Whether it’s sharp, stabbing, dull, or throbbing, pain in your pelvis could be a sign of a serious medical condition. The expert team of physicians at Capital Women’s Care in Leesburg and Sterling, Virginia and surrounding areas, help women get to the cause of pelvic pain and other female-specific health issues. Since some cases of pelvic pain can indicate a serious problem, schedule an appointment today with one of our board-certified OB/GYN doctors.
Pelvic Pain Q&A
What is pelvic pain?
Pelvic pain is experienced differently from one person to the next, but it usually shows up in the lower area of the abdomen. The pain can come on suddenly, come and go, or remain steady. You may experience it as a sharp and shooting pain, a stabbing sensation, or more of a dull ache that radiates around your pelvic region.
Women often experience pelvic pain during certain times of their menstrual cycles or during sex. Pelvic pain may happen in addition to menstrual-related cramps or worsen existing cramps.
What causes pelvic pain?
There are several different causes of pelvic pain, and it’s not always a quick process figuring out why it’s happening. For women, however, it’s usually an indication of some condition related to the reproductive organs, such as:
- Dysmenorrhea — Menstrual cramps or painful periods
- Dyspareunia — Pain during sexual intercourse
- Fibroid tumors — Masses that grow in the uterus
- Vaginitis — Infection often caused by a disruption of microbial balance in the vagina
- Adenomyosis — When endometrial tissue grows into the wall of the uterus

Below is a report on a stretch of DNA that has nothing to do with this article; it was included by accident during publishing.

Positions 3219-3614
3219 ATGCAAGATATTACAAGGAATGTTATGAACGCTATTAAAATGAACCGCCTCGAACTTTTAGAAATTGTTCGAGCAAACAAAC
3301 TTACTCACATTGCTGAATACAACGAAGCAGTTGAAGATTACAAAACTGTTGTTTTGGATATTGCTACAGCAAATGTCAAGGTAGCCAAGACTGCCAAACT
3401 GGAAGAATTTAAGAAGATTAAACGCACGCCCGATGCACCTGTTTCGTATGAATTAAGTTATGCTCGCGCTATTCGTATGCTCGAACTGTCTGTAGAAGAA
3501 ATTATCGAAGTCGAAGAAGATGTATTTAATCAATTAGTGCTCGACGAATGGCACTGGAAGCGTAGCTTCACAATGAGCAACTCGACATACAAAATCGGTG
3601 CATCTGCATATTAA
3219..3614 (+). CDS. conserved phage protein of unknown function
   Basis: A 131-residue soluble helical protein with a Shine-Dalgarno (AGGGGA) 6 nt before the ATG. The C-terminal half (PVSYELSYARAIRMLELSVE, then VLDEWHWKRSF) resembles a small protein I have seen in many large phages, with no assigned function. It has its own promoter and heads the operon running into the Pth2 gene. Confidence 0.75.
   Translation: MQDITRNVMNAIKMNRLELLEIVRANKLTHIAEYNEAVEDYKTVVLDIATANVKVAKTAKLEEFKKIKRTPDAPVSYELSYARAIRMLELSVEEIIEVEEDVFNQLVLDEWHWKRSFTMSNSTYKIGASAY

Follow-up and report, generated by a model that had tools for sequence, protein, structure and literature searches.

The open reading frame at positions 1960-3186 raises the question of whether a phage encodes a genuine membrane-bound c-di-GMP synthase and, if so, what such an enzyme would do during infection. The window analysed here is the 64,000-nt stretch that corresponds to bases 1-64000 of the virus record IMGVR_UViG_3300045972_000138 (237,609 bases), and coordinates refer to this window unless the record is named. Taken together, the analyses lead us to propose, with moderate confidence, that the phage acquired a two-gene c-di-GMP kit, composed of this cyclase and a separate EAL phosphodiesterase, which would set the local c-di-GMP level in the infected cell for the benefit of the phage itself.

- Endometriosis — A condition where uterine tissue is displaced
- Pelvic inflammatory disease — usually caused by a sexually transmitted infection
- Ovarian cysts — Small sacs that form on or inside the ovaries
- Pelvic adhesive disease — Scar tissue causes reproductive organs to stick together
- Cancer — Advanced Ovarian, Uterine, Tubal, Uterine or bowel cancers can cause pain
- Diseases of the gastrointestinal tract or urinary tract — such as IBS, Inflammatory bowel disease, Urinary Tract Infections, or Kidney stones
In some cases, your pelvic pain might be caused by more than one problem. Your dedicated physician at Capital Women’s Care will run the necessary tests to diagnose your condition accurately.
When should I see a doctor?
If you experience pelvic pain beyond mild to moderate cramping during your menstrual cycle, it’s a good idea to see a doctor to rule out a more serious health issue. Sudden pain or pain that becomes worse over time could indicate there is a problem with your uterus, ovaries, cervix, or fallopian tubes.
If you’re concerned about pelvic pain, make an appointment to see one of the qualified physicians at Capital Women’s Care today.